“The new development will open new avenues for Iran’s regional diplomacy,” says Kayhan Barzegar, head of the Institute for Middle East Strategic Studies in Tehran. A foreign policy based on the JCPOA will now focus on “dialogue with European powers to keep their channel of interactions open.”
Still, skepticism of Europe’s role is echoed among opponents of the deal in Iran's Islamic Revolutionary Guard Corps (IRGC).
“There is little hope that diplomacy could create any breakthrough,” said Brig. Gen. Hossein Salami, the IRGC deputy commander. “We have made progress whenever we have confronted the enemies.… Europe will never give up submission to US policies. The new pressure is an economic war on Iran.”
Ordinary Iranians know the result – an economy already battered by decades of mismanagement, on top of the damage done by previous sanctions, and the fact that the Trump administration did little to enable Iran to bank and do business with the West, as required by the JCPOA and practiced to a degree by the Obama team.
Protests erupted and spread across 80 cities in Iran late last December over the poor state of the economy, mismanagement, corruption – and lack of a peace dividend from the nuclear deal. Rouhani said the economy needed “major surgery.”
Iran’s currency, the rial, has lost 25 percent of its value in recent weeks, with further drops expected.
“We can’t bear this one. My husband and I have been debating leaving Iran,” says Shima, a mother of two who teaches French in Tehran. “We have never been this close to a state of war. But in our case and with Trump’s decision, the dollar rate will crazily go up even further and that means our savings will sharply lose value. Our immigration plan will definitely be at risk.”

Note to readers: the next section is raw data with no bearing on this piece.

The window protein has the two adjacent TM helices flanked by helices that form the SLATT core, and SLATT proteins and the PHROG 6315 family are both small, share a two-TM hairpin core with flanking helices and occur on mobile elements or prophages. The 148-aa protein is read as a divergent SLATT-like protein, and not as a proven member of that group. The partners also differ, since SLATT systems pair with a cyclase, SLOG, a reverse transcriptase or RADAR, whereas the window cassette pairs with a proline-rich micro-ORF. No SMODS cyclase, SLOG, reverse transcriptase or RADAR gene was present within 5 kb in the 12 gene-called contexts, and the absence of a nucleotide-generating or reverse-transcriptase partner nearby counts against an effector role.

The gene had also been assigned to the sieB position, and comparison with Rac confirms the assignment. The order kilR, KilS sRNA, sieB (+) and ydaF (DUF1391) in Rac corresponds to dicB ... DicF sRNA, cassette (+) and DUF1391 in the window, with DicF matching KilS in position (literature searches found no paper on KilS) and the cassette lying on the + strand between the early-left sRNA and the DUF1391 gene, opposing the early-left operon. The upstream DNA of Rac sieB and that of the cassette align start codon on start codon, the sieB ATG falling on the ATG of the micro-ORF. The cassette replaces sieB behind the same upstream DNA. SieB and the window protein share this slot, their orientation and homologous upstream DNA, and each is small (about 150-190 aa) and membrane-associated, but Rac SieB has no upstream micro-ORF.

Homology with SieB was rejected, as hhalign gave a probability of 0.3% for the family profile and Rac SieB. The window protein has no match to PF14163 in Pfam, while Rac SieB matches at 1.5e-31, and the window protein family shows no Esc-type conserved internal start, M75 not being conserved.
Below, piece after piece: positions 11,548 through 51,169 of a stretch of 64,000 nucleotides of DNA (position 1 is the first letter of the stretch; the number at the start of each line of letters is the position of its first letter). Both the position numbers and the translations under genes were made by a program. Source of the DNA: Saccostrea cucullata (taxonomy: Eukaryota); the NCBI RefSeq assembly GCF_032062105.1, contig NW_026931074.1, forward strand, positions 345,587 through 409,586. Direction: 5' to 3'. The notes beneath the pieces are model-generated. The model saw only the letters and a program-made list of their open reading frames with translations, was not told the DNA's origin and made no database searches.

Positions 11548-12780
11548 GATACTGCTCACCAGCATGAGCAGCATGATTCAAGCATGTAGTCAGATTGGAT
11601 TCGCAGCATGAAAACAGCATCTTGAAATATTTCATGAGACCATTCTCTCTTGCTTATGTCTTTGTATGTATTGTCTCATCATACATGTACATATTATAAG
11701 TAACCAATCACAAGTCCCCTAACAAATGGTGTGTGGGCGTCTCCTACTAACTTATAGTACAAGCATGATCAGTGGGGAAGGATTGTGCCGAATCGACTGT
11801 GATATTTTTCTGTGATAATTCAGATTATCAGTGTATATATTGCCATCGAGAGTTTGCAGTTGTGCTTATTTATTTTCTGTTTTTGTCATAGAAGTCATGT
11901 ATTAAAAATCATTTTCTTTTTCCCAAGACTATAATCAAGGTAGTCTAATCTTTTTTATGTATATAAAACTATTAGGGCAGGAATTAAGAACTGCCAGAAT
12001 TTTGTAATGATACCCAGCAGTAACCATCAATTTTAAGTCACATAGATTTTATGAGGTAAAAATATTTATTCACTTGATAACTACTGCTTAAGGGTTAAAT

“I don’t know how Iran will proceed with the Europeans,” says Elaheh, a student of Persian literature at Azad University in Tehran. She says she was “never hopeful” about the nuclear deal, but says she already faced a “bleak prospect” because government inefficiency pushed up the jobless rate.
“The Europeans will not sacrifice the tremendous business and political interests they share with the US over the tiny ones they do with Iran,” she says.
An I-told-you-so tone
One reformist newspaper asked in its headline if Europe was “regaining authority.” Another said Trump’s “trampling all legal and international rules” was Iran’s “biggest winning card.”
But hard-line newspapers such as Kayhan adopted an I-told-you-so tone and said Iranian negotiators have been “duped” into believing Europe can make a difference.
“Both sides [the US and Europeans] are pursuing the same goal: To push Iran toward a new deal, to draw more concessions from Tehran in exchange for a bunch of empty promises,” Kayhan wrote in an editorial Sunday.
“Iranian hardliners could not have wished for a better ally than President Trump, who has done everything in his power to discredit Iranian proponents of better relations with the West,” says analyst Vaez of ICG.
“The promise of the JCPOA proved to be a colossal failure for Rouhani, but if he manages to extract a new chapter in Iran’s relations with Europe, he will go down in Iranian history as a successful leader,” says Vaez.
“The economy will inevitably suffer, but if the deal is preserved until the Trump administration is history, this period could be considered [only] a rough patch,” he says.